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Kerry house prices to rise by 9% in 2018

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THE PRICE of the average three-bed semi in county Kerry rose by 3.7% to €210,000 in the last 12 months, according to a national survey carried out by Real Estate Alliance.

A price increase of 1.2% between September and December 2017 has led local agents to predict that property values will rise by a whopping 9% in the county in the coming year.

REA Coyne and Culloty in Killarney predict that prices will be driven by new developments coming on stream, and have reported an increase in demand for one and two bedroomed apartments in the town.

The average three-bed semi price in Killarney is €270,000, a rise of 1.9% in Q4.

The REA Average House Price Survey concentrates on the actual sale price of Ireland's typical stock home, the three-bed semi, giving an up-to-date picture of the property market in towns and cities countrywide.

The average semi-detached house nationally now costs €225,806, the Q4 REA Average House Price Survey found – a rise of 1.8% on the Q3 figure of €221,861.

Overall, the average house price across the country rose by 11.3% over the past 12 months – compared to 7.7% nationally in 2016.

The survey also found that agents throughout the country expect prices to rise by 7.5% on average in the next 12 months.

“The heated market that we saw throughout much of 2017 has cooled somewhat and we are now in a period of more certainty,” said REA spokesperson Healy Hynes.

“A lack of supply is still the main driver of the market, with listings of second hand properties at a low level around the country.

“Anything that does go on sale is reaching sale agreed in a short period of time – five weeks on average and four weeks in Dublin city.

“However, this is not normal in a properly functioning market, where time periods of eight weeks to sale agreed are more common.”

The rate of increase in three-bed semi-detached home prices in Dublin slowed to 1.5% in the fourth quarter of the year as buyers look to new homes on the horizon.

The commuter counties also returned a restricted growth of 1.5% in Q4, and 10% overall for the year, following a relatively static 2016, with the average house now selling for €229,300.

The lowest increase in Q4 was reflected in the country’s cities outside of Dublin, where the grouping of Cork, Limerick, Waterford and Galway returned 1% growth, with average prices increasing by €2,375 to €238,625

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No spare change – no problem, as charity embraces new technology

By Sean Moriarty With less and less people carrying lose change around, one local group have now embraced a new technology to make donating much easier. For their annual Christmas fundraiser, the Killarney Conference of the St Vincent De Paul Society will have a special collection bucket that will allow supporters to use their bank […]

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By Sean Moriarty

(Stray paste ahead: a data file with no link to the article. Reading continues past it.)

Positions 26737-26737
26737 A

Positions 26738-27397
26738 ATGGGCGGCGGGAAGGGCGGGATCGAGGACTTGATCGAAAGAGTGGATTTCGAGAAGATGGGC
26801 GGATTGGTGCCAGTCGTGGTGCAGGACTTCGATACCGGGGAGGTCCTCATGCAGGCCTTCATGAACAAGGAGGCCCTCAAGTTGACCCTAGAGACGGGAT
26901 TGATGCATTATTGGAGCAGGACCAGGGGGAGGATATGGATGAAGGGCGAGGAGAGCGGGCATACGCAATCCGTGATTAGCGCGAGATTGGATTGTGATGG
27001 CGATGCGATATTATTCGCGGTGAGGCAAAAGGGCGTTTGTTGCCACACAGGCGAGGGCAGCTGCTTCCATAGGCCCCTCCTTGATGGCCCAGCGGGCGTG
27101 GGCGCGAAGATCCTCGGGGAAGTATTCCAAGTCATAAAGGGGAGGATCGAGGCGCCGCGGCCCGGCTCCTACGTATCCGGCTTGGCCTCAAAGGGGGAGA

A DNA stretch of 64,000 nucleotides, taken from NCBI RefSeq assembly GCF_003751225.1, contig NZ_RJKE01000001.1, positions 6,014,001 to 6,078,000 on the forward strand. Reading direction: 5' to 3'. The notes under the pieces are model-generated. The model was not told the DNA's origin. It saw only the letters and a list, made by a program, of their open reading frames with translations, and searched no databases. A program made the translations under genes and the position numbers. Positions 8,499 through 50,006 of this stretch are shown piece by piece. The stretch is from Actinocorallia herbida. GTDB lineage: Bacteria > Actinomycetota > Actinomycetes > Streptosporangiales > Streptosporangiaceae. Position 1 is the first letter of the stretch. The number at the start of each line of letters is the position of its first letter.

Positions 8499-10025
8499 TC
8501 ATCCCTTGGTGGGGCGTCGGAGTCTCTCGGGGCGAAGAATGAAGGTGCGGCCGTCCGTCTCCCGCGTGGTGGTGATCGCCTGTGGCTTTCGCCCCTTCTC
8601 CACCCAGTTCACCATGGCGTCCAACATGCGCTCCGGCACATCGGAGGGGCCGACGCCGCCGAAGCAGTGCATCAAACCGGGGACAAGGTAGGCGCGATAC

With less and less people carrying lose change around, one local group have now embraced a new technology to make donating much easier.

For their annual Christmas fundraiser, the Killarney Conference of the St Vincent De Paul Society will have a special collection bucket that will allow supporters to use their bank card to make a donation.

The Society’s annual churchgate collection will be held on the weekend of December 11/12 at places of worship in the town and surrounding areas. This year’s collection has be renamed as ‘Giving Sunday’ and makes a return after the pandemic forced the cancellation of last year’s fundraiser.

“We are moving towards a cashless society,” explained Killarney Conference President Breda O’Dwyer. “You can tap and swipe your card to make a donation.”

Breda added that they are hoping to have the buckets ready by next week in time for the collection.

She said the local conference of the St Vincent De Paul Society has seen a marked increase in the number of families it is helping mainly caused by the increase in the cost of fuel and home heating products.

The annual St Vincent De Paul Society’s Christmas Jumper Day, in association with Radio Kerry is scheduled for December 10.

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SURVEY: Locals are reducing their social contacts

It is just over a week since new restrictions were announced by the Government in an another effort to curb the spread of COVID-19. In our latest online poll we asked our readers if they had reduced their social contacts over the course of the last week. An overwhelming 62.90% said they had reduced their […]

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It is just over a week since new restrictions were announced by the Government in an another effort to curb the spread of COVID-19.

In our latest online poll we asked our readers if they had reduced their social contacts over the course of the last week.

An overwhelming 62.90% said they had reduced their level of contacts with people.

Interestingly, 37.10% of people had made no change to their lifestyle, but they could have been extra cautious already.

A tiny minority – just 1.61% – said they increased their social contacts over the last week.

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